Streetlight Demonstration Tonight — County staff will hold an LED streetlight field demonstration bus tour tonight for residents to see and learn more about the products under consideration in the Streetlight Management Plan. The bus leaves at 8 p.m. from the Arlington Career Center (816 S. Walter Reed Drive). Registration is required. [Arlington County]
Traffic Enforcement Time Adjusted — According to an updated press release sent this morning, the all modal traffic enforcement scheduled for tomorrow at the intersection of Columbia Pike and S. Oakland Street will now be from 1-2:30 p.m.
Flickr pool photo by Dennis Dimick
Rehabilitation work on the I-66 bridge between the Rosslyn tunnel and D.C. has begun, according to the Virginia Dept. of Transportation.
Crews began setting out concrete barriers and pavement markings overnight on Wednesday, and will continue to do so through tonight (Thursday).
Lane closures on eastbound I-66 will be scheduled Monday-Friday from 9:30 p.m.-5 a.m., while westbound I-66 closures will be scheduled from 10 p.m.-5 a.m. on the same days.
VDOT expects traffic impacts to be minimal throughout the construction, which is expected to be completed by the summer of 2019.
For the next day or two, VDOT will periodically close the ramp from the southbound GW Parkway to the Roosevelt Bridge and westbound Route 50. The closures will take place between midnight and 5 a.m. to “allow for the installation of concrete barriers under the I-66 bridge,” according to the National Park Service.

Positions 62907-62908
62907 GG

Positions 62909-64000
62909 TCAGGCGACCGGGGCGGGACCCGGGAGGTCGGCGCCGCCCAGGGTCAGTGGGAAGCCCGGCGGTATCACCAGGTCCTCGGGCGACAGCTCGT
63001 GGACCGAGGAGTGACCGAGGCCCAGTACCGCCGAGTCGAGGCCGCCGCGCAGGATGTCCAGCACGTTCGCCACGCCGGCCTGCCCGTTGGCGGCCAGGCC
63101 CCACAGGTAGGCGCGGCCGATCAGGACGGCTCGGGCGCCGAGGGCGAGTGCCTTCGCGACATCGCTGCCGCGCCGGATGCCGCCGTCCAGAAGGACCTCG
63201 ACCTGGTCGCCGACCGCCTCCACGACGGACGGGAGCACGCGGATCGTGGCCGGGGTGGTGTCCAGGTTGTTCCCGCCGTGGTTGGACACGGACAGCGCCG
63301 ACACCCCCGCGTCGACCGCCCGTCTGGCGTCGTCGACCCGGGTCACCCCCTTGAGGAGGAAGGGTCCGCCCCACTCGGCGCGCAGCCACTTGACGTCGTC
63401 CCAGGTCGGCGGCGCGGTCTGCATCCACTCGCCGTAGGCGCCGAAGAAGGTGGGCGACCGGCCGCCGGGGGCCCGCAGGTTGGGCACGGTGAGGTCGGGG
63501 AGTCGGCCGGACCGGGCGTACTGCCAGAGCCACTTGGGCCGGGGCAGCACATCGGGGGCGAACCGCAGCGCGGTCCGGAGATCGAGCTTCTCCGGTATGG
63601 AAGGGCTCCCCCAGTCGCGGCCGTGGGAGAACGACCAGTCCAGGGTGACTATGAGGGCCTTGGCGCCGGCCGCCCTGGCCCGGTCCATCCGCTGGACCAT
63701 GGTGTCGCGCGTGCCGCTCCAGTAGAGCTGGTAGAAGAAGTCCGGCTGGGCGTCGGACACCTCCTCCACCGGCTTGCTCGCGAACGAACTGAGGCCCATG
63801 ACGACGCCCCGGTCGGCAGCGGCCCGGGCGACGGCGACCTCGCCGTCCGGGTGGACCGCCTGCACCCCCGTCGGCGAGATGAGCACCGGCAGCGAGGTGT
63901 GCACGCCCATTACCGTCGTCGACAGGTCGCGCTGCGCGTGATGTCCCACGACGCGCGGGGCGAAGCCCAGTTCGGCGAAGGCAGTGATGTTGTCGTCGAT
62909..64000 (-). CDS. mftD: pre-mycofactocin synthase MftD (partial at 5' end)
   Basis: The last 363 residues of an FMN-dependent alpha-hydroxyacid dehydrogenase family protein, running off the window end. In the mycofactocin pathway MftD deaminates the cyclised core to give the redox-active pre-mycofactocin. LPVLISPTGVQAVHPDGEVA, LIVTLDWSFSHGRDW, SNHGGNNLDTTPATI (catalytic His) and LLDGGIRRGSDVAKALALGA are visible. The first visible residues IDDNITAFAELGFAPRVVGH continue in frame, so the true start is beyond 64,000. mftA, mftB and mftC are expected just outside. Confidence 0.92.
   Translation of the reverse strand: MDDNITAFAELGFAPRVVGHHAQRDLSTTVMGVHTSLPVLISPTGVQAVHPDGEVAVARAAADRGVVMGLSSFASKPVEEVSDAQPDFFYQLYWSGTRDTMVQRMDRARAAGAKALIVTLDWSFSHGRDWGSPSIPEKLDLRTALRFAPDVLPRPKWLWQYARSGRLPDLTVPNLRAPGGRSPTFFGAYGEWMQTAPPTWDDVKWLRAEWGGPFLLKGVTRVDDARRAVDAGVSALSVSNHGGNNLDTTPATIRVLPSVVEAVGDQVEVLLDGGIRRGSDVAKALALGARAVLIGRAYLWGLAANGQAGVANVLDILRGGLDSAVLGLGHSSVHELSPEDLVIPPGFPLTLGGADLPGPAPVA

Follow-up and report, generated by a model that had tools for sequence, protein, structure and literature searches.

The $5.7 million construction project will resurface the bridge’s deck, repair piers and abutments, and repave I-66 approaching the bridge.
According to VDOT, the bridge averages 54,000 vehicles a day eastbound and 44,000 westbound.
Photo courtesy VDOT
If you live near I-66, between the East Falls Church and Ballston Metro stations, the rumbling of Metro trains is a noise you’re probably used to.
But at least one person who lives in that area has taken to social media to comment on what she says is a recent escalation in noise: the constant, loud honking by trains as they roll by.
Me again @wmata I know you aren’t interested in my issue but I thought I’d share the honking fun from today’s trains. It happens ALL DAY LONG. Thinking it’s time for a noise complaint with @ArlingtonVA or @ArlingtonVaPD or maybe you could just stop the constant noise pollution pic.twitter.com/Y2K162EEMN
— alliesiggy (@alliesiggy) April 4, 2018
Video uploaded to Twitter indeed seems to show jarringly loud honking for a residential neighborhood.
The resident posted that she has lived at that location for 13 years and that this is a new neighborhood problem.
I can see @wmata that you are working on an answer to my question. Thought this video might help demonstrate the bizarre honking that happens ALL DAY. Why do residential neighborhoods have to listen to this every day? pic.twitter.com/Xza2i4Bg7n
— alliesiggy (@alliesiggy) March 7, 2018
The social media complaints go as far back as January 22, and regular Twitter posts indicate that the honking hasn’t ceased or abated, and occurs after rush hour as well as on the weekends.
Though WMATA officials haven’t yet answered an ARLnow request for comment, Metro replied to the resident on Wednesday via Twitter and said that the honking is a safety measure.
“Thank you for contacting us about the frequent honking near your home,” the transit agency wrote. “At times trains may come across animals or unauthorized people near or on the tracks resulting in the operator to blow the train horn. Your tweet was shared with the Rail Division for review.”